My professor claimed that $$k\sum_{i=1}^k v_i v_i^T-\Big(\sum_{i=1}^k v_i\Big)\Big(\sum_{i=1}^k v_i^T\Big)\succeq 0,$$ holds for any family of vectors $\{v_1,\dots,v_k\}$, and can be shown using the Cauchy Schwarz inequality on the quadratic form.

I'm unsure whether it's necessary assume: $k$ is a positive integer, and $v_i$ are vectors of ones and zeros such that $\sum_{i=1}^k v_i=\vec{1}$. I don't think need to assume this due to the claim that it holds for any family of vectors.

In trying to prove that the above is positive semidefinite, I get the quadratic form $$\begin{align} k\sum_{i=1}^k x^T v_i v_i^T x-x^T \Big(\sum_{i=1}^k v_i\Big)\Big(\sum_{i=1}^k v_i^T \Big)x &= k\sum_{i=1}^k x^T v_i v_i^T x-|\langle \sum_{i=1}^k v_i, x\rangle|^2\\ &\geq k\sum_{i=1}^k x^T v_i v_i^T x-\|x\|^2 \bigg\|\sum_{i=1}^k v_i\bigg\|^2\\ &\equiv k\sum_{i=1}^k x^T v_i v_i^T x-x^Tx n\\ &= x^T\big(k\sum_{i=1}^k v_i v_i^T-n\mathbb{I}\big)x\\ \end{align}$$ where $n\geq k$. I do not think this matrix in the parentheses is positive semidefinite, since its diagonals are negative. Can someone help me prove the claim of my professor?


I guess that the vectors are row vectors of an $\mathbb{R}^n$. If the vectors are column vectors, take transposes of the difference and then follow the proof below, to prove that this transpose is positive semi-definite. Then, since $A$ is positive semidefinite if-f $A^{T}$ is, the desired result follows in the case of column vectors too. In the case of row vectors the inequality is equivalent to proving that

$$k\sum_{i=1}^k||u_i||^2\geq \left|\left|\sum_{i=1}^ku_i\right|\right|^2.\ \ \ (1)$$

Indeed, note that for the difference in your question the matrix multiplication $x($this difference$)x^{T}$ is equal to


Examining $(1)$ at each coordinate, we conclude that it suffices to show that

$$k\sum_{i=1}^ka_i^2\geq \left(\sum_{i=1}^ka_i\right)^2\ \ \ (2)$$

for any $k$-tuple $(a_1,\ldots,a_k)$ of real numbers. Indeed, then we will have that

$$k\sum_{i=1}^ku_{ij}^2\geq \left(\sum_{i=1}^ku_{ij}\right)^2,\ \forall j=1,\cdots,n$$

and $(1)$ will follow by summing over all $j$'s. Now, $(2)$ can be easily proved by applying C-S to the vectors $(1,\ldots,1)$ and $(a_1,\ldots,a_k).$ An other proof of $(2)$ can be obtained by applying Jensen's inequality to the convex function $x\mapsto x^2.$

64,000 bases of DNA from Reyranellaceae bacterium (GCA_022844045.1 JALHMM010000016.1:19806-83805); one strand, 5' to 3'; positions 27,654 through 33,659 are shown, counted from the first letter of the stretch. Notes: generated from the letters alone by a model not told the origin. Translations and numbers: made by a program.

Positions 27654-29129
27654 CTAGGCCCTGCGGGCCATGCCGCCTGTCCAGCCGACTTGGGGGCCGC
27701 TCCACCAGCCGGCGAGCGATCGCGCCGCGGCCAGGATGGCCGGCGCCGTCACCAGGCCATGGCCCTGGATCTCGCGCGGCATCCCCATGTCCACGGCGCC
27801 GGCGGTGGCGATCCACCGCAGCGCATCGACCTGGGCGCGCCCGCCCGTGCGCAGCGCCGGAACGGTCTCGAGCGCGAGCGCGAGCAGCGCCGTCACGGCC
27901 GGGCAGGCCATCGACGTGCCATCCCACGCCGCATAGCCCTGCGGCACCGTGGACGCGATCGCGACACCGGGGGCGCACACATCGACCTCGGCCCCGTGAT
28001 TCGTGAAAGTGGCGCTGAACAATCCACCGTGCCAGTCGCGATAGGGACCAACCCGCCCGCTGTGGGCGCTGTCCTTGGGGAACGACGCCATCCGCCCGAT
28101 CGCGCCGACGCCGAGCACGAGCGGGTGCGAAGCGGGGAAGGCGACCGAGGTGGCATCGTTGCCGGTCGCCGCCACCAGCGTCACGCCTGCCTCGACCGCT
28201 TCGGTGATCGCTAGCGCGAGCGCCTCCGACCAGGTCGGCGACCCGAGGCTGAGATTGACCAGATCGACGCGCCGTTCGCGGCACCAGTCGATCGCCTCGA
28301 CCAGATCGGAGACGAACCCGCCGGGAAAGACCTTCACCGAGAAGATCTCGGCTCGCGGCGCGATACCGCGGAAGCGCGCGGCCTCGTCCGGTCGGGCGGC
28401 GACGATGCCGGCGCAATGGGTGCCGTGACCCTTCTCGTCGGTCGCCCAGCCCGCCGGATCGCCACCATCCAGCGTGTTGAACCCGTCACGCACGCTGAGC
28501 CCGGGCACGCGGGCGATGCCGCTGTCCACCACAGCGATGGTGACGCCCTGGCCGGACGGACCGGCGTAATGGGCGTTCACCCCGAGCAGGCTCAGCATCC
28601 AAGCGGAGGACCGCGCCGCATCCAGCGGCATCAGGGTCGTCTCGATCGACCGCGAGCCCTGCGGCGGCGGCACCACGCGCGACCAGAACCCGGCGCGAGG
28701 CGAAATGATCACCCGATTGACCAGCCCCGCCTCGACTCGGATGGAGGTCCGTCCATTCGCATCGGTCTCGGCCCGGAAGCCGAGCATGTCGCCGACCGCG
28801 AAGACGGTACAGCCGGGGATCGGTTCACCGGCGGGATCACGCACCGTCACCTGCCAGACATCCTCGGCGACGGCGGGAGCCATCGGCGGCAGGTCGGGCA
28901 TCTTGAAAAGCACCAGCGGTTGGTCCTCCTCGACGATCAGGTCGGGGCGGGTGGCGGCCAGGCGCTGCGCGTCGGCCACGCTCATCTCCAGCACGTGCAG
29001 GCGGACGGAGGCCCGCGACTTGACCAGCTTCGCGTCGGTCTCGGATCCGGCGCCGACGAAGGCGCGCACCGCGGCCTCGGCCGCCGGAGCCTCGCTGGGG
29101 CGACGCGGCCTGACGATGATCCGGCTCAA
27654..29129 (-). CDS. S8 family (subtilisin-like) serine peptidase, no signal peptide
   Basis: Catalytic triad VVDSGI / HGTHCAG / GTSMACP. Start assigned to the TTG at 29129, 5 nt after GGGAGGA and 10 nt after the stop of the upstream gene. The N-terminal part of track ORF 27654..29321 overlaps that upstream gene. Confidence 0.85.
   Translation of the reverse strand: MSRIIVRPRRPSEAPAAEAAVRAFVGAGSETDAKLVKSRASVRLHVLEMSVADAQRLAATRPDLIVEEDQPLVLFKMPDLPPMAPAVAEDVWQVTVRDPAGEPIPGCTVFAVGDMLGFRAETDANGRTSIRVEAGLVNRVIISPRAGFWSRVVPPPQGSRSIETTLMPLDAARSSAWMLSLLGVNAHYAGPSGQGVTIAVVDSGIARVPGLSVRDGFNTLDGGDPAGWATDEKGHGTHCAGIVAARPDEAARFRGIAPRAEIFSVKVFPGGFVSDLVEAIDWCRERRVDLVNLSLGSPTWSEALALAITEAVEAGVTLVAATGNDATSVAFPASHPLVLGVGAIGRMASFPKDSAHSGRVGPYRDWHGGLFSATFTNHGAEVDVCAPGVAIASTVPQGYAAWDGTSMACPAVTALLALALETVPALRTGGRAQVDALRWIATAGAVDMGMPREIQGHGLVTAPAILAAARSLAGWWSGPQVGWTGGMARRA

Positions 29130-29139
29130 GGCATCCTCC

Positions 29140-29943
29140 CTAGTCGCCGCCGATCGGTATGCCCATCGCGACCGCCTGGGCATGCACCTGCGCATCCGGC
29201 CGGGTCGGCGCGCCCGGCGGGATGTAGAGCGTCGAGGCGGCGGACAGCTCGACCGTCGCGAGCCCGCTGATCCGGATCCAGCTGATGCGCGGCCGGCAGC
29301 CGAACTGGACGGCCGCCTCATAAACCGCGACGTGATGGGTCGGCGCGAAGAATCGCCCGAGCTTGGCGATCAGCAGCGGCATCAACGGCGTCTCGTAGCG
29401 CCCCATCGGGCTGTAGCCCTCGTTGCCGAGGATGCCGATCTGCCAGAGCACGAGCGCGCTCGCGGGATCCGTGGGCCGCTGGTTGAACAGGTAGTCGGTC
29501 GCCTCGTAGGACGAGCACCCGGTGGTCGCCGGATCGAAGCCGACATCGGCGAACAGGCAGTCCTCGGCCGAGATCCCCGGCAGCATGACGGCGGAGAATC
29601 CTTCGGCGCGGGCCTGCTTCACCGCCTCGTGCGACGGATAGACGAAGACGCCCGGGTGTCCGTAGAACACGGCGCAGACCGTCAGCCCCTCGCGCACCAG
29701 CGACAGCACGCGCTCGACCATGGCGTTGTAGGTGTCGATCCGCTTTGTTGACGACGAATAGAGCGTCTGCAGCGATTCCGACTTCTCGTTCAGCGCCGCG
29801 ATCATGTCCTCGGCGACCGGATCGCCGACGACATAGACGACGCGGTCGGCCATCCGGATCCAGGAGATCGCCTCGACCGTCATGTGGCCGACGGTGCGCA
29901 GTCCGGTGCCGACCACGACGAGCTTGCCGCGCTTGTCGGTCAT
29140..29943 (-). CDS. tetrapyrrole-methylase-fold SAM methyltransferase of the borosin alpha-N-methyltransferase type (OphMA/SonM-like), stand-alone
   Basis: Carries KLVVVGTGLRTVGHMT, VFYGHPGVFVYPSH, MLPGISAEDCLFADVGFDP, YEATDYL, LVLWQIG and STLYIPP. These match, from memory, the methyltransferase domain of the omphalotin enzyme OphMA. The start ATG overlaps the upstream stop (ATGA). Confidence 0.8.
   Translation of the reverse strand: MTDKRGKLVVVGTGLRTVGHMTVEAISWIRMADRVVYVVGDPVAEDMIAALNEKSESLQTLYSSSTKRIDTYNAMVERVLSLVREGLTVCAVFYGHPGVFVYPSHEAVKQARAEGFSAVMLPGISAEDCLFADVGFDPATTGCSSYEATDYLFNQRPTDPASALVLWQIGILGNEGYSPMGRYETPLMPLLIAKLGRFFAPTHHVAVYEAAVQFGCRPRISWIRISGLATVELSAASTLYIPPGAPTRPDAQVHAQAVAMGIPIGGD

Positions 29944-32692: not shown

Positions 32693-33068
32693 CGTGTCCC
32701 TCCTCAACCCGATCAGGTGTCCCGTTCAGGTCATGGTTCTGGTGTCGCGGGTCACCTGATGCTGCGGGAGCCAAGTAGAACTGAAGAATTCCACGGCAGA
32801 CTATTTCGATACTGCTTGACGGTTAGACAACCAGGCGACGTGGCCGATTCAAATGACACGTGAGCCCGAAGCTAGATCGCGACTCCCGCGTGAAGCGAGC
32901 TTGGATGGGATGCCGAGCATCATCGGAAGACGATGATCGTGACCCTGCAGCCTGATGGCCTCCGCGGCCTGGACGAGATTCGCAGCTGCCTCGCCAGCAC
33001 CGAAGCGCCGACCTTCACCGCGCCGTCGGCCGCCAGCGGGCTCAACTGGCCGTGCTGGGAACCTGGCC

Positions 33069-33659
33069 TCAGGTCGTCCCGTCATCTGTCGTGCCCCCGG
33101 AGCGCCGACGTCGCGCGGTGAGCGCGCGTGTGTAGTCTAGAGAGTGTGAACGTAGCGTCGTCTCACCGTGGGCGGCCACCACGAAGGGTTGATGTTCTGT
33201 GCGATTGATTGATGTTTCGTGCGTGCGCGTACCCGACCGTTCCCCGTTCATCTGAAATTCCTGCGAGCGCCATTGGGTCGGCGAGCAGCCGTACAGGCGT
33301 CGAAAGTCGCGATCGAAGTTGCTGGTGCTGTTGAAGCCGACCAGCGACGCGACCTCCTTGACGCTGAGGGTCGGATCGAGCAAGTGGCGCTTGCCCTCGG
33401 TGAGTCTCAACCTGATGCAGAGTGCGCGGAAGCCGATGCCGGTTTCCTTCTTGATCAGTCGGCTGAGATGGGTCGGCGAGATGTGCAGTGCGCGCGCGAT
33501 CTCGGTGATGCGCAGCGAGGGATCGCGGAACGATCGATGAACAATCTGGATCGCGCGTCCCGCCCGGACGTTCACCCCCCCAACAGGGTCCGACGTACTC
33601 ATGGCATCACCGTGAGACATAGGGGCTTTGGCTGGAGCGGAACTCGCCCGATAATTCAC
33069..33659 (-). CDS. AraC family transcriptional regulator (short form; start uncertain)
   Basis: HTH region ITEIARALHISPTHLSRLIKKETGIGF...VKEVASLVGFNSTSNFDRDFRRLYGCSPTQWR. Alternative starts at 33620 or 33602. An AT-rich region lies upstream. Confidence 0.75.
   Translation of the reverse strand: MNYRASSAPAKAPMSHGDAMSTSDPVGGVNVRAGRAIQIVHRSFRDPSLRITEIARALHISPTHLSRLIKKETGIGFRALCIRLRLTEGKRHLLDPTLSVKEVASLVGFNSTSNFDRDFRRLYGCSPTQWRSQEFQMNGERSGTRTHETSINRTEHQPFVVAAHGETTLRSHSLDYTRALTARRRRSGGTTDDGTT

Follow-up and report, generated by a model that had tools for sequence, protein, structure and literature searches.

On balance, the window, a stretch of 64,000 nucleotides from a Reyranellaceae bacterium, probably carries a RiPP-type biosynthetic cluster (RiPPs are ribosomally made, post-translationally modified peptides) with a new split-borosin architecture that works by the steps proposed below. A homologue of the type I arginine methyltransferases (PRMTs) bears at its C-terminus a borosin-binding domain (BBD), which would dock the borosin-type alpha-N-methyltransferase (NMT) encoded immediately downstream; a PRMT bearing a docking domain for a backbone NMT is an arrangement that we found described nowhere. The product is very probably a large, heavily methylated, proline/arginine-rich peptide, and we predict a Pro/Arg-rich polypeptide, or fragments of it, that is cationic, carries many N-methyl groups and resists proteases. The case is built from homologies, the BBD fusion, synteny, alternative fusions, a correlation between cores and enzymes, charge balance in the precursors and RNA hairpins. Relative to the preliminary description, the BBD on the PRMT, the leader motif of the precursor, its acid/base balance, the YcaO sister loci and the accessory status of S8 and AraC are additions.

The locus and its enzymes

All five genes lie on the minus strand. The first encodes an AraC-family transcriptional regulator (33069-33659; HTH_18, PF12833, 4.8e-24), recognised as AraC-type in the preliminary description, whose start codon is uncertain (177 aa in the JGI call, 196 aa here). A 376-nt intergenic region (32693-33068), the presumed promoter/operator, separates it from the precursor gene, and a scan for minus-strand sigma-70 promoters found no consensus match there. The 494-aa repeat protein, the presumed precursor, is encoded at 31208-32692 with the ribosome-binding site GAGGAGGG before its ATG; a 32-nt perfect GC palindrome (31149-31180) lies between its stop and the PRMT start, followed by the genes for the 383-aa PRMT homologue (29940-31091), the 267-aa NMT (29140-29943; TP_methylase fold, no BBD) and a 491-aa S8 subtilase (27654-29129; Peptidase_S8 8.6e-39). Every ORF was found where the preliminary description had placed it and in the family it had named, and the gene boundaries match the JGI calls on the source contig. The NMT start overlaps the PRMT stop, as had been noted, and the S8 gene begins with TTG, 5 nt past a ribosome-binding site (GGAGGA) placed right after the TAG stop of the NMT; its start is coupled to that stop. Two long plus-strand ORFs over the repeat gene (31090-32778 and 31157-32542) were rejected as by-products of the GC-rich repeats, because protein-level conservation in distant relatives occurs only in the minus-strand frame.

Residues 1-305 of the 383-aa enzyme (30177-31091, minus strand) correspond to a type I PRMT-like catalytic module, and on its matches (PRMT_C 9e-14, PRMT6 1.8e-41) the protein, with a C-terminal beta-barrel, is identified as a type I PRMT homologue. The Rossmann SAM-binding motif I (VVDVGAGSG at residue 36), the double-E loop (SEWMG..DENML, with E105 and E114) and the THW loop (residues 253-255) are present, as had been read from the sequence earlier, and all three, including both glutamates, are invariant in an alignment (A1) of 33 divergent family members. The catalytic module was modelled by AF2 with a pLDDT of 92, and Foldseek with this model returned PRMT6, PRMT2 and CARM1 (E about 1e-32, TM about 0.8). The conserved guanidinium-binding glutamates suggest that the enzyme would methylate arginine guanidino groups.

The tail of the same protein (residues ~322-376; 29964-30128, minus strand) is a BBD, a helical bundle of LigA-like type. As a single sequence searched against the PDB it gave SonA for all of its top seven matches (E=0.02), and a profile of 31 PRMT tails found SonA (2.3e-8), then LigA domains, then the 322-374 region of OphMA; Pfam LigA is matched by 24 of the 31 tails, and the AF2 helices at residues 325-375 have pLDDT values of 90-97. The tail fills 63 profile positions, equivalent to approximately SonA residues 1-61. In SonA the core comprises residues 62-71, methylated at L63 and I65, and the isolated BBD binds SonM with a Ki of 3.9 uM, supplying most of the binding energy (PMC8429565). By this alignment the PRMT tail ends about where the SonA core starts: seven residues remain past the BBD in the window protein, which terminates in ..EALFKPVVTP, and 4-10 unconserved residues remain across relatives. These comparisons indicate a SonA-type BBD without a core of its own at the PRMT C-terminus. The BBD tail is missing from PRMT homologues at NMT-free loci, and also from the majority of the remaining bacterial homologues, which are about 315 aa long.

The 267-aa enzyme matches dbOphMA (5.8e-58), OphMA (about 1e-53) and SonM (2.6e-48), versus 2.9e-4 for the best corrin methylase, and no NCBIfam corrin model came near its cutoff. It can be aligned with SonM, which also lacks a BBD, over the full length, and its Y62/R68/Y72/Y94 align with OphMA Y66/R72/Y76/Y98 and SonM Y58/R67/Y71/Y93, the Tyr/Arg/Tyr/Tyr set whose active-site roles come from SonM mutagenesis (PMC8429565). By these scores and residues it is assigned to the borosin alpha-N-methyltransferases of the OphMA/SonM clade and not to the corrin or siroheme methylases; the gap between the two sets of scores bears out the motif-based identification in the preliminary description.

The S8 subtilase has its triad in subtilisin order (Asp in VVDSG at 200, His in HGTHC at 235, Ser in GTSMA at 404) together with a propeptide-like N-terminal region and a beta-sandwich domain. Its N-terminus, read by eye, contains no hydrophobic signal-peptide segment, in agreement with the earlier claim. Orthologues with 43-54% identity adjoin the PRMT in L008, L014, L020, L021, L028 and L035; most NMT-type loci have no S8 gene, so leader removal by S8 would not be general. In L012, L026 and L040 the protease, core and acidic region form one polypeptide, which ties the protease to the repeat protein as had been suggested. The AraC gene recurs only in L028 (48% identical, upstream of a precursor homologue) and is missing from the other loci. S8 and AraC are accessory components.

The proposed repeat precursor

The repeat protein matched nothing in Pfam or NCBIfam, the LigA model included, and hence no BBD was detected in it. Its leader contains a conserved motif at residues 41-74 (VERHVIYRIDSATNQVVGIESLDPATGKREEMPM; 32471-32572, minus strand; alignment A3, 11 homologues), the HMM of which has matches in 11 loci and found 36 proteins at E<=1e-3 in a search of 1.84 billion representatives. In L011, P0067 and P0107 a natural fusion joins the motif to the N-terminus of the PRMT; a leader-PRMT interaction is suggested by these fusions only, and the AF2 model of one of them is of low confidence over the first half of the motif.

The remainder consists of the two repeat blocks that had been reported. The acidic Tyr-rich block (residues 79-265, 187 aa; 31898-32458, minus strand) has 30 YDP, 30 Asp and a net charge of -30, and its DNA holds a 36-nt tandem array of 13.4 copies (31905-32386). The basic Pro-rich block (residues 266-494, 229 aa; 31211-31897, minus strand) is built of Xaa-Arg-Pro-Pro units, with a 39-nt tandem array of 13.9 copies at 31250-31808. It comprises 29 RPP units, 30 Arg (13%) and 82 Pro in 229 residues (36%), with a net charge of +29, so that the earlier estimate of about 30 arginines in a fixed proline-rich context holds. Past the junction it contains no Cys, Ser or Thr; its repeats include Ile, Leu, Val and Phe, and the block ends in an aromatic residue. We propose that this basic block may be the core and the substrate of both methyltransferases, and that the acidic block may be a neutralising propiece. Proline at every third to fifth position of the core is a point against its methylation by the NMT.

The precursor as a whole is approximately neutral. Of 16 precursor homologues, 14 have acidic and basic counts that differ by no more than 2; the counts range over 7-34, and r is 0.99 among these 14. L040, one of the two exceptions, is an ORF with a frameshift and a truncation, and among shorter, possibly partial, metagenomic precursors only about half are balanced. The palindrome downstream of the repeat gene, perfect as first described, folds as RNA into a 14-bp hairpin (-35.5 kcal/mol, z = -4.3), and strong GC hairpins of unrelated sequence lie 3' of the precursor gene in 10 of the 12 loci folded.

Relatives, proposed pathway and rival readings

• $\begingroup$ Are you saying that: $x^T \Bigg[ k\sum_{i=1}^k v_i v_i^T-\Big(\sum_{i=1}^k v_i\Big)\Big(\sum_{i=1}^k v_i^T\Big) \Bigg] x = ||x||^2\left(k\sum_{i=1}^k||v_i||^2-\left|\left|\sum_{i=1}^kv_i\right|\right|^2\right)$? Can you explain this? The term in parentheses on the LHS is a matrix, and you aren't normally allowed to pull the $x$ through. $\endgroup$ – Dan May 4 '19 at 22:49
  • $\begingroup$ @Dan: Well, I understand what you are saying, but when we write $xAx^{T}$ what we mean is $\langle Ax,x\rangle$ (usual inner product). You have to remember that, so that you will not be confused. In general $1\times 1$ matrices are viewed as real numbers and a matrix $A$ is said to be positive semidefinite if-f $\langle Ax, x\rangle\geq 0,\ \forall x$ Check this definition here: en.wikipedia.org/wiki/Definiteness_of_a_matrix. $\endgroup$ – Στέλιος Σαχπάζης May 4 '19 at 23:19
  • $\begingroup$ I'm now confused as to why you are writing $xAx^T$ instead of $x^TAx$. I was using $x$ to represent a column vector and $x^T$ to represent the transposed row vector. In this case, $x^TAx=\langle x,Ax\rangle =\langle A^Tx,x\rangle$ and is a scalar. (This was the notation I also used in everything I've written above. If you assumed the transpose of what I meant, then it makes sense that you thought that $v_i v_i^T=\|v_i\|^2$) $\endgroup$ – Dan May 4 '19 at 23:22
  • $\begingroup$ @Dan: Ah, OK, no problem. It's the same thing, because I just work with row vectors. This is why I have the transposes at the other places and $\langle Ax, x\rangle$ instead of $\langle A^{T}x,x\rangle.$ I hope everything is clear now. $\endgroup$ – Στέλιος Σαχπάζης May 4 '19 at 23:25
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    $\begingroup$ @Dan no problem, that's a reasonable decision. Thank you! Glad that I finally helped you. :) $\endgroup$ – Στέλιος Σαχπάζης May 4 '19 at 23:53

Indeed, the form of the $v_i$ is not needed, but we utilize the fact that $k$ is a positive integer: \begin{align} k\sum_{i=1}^k x^T v_i v_i^T x-x^T \left(\sum_{i=1}^k v_i\right)\left(\sum_{i=1}^k v_i^T \right)x &= \left(\sum_{i=1}^k 1\right) \left(\sum_{i=1}^k w_i^2\right) -\left(\sum_{i=1}^k w_i\right)^2,\textrm{ where }w_i\equiv x^Tv_i\\ &=\left\Vert1_k\right\Vert^2 \left\Vert w\right\Vert^2 - \left|\langle 1_k,w\rangle\right|^2, \textrm{ where }w\equiv(w_1,\dots,w_k)^T \\ &\geq ^{CS} \left|\langle 1_k,w\rangle\right|^2 - \left|\langle 1_k,w\rangle\right|^2\\ &=0\\ &\hspace{2.5in}\blacksquare \end{align}


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